Nagy ups up the fear and brutal realities for many women at the time when Joy finally makes her appointment. Though it’s not as scary of a setting as the first shady apartment, the bright lights, loud clangs of medical instruments, and the coldness in the room all make one feel uncomfortable. When Dean (Cory Michael Smith), the man who performs the procedure, tells her she can’t make any noises, you can’t help but clench your teeth and tighten your muscles just thinking about how painful it all must feel. 

Joy is eventually pulled into the group, led by Virginia (Sigourney Weaver), even though she didn’t have an inclination to get involved. Virginia has her drive a young woman to her appointment, and later she shows up to more events and takes part in outreach opportunities. But because all of this is so controversial, she has to lie to her husband and 15-year-old daughter, Charlotte (Grace Edwards), that she’s going to an art class. She doesn’t tell her widowed next-door neighbor and friend Lana (Kate Mara) either. 

Though “Call Jane” focuses on one white woman’s struggle, there are important acknowledgments of how so many others, particularly those who don’t have an easy life as Joy, are being affected at the time. Gwen (Wunmi Mosaku), the only Black member, fights with Virginia constantly about the steep price – $600 – for the service that many, mainly poor, Black or brown women, can’t afford. The passion in Mosaku’s words echoes and rings true for this issue and so many others. Virginia, played by a headstrong and tough Weaver, pushes back at times until she finds a way to support some free clients. Joy, too, discovers a passion for helping women, even if in the beginning she might be too quick to judge some of them. Banks gives a grounded performance, digging into the emotions of what Joy goes through while also becoming a vital member of the Janes who ends up impacting more women than she ever thought possible.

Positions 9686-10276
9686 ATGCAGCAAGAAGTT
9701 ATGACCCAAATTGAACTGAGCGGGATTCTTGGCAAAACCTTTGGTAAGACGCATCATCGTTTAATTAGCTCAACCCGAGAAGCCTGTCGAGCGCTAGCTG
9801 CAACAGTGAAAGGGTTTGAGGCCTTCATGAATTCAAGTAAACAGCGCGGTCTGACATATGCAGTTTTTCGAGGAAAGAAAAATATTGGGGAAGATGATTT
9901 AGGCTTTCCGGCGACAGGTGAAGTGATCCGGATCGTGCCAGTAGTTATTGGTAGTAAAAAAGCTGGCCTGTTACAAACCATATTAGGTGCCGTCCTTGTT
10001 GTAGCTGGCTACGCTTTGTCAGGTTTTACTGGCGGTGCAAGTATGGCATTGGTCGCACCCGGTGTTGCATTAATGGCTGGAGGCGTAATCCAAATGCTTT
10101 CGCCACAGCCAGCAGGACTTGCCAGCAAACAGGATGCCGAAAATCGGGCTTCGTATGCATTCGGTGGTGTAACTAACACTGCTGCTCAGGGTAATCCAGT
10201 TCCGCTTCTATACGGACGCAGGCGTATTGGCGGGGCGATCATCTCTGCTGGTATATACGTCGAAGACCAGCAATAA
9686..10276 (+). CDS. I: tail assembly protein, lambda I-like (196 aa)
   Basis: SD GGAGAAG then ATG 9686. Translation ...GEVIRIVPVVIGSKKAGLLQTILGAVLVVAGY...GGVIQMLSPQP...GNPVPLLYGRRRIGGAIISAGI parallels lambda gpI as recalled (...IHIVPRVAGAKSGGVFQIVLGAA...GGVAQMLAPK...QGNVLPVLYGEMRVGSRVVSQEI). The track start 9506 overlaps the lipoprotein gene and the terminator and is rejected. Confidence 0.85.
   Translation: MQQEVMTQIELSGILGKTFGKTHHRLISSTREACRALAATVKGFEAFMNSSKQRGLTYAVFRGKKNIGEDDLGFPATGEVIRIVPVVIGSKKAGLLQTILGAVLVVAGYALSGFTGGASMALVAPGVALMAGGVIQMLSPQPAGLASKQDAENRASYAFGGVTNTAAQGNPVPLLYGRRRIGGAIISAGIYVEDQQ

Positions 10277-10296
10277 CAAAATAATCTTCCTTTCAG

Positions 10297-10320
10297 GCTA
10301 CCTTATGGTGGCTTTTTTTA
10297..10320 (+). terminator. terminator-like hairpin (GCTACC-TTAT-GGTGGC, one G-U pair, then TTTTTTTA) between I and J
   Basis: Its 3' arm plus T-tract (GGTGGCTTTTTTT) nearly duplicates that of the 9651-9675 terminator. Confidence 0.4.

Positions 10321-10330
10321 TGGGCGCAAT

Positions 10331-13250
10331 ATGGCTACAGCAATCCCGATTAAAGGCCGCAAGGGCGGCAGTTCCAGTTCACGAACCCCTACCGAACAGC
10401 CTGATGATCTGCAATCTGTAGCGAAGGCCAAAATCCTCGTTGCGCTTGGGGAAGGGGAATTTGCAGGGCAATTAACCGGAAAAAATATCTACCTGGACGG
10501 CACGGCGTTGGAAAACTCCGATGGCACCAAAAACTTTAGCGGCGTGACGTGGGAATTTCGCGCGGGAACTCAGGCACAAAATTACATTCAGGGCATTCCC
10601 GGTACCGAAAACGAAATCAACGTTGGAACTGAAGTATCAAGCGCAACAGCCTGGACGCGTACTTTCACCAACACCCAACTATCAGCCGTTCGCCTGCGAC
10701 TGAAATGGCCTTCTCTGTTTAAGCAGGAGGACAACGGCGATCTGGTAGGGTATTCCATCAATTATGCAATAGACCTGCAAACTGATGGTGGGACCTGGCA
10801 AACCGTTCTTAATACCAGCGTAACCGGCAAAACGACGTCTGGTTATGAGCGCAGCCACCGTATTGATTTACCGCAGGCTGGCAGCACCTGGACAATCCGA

The film does lose momentum toward the end, even when the stakes are raised for the Janes when a detective starts catching on to the illegal service. This conflict happens so late in the film that it almost poses no significance and is essentially swept to the side a few minutes later. Also, no one really receives a “big” moment one would expect an urgent story like this to have. Mara’s character also deserved so much more material than what she was given. Aside from sitting on her porch or providing a few moments of comfort to Will when Joy is out, we don’t see enough of her.

Even though we know what eventually happens in history with the passage of Roe v. Wade, it’s still such a powerful moment when Nagy gathers the Janes and, one by one, they throw a client’s contact card into a fireplace. From that point on, those women didn’t have to resort to secret alleyways and underground abortionists to get the help they needed. With the Jane Collective receiving a much-needed spotlight in 2022, we can only hope that we don’t have to return to those times ever again.


THE GOOD – Some stellar performances from Elizabeth Banks, Sigourney Weaver, and Wunmi Mosaku. Real-life motions and fears are captured uncomfortably well by Phyllis Nagy.

THE BAD – The movie loses momentum toward the end, and it lacks the punch a serious subject matter like this should have, opting instead to take a light approach to its storytelling. Some actors are vastly underutilized.



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Ema Sasic
Ema Sasic
Journalist for The Desert Sun. Film critic and awards season enthusiast. Bosnian immigrant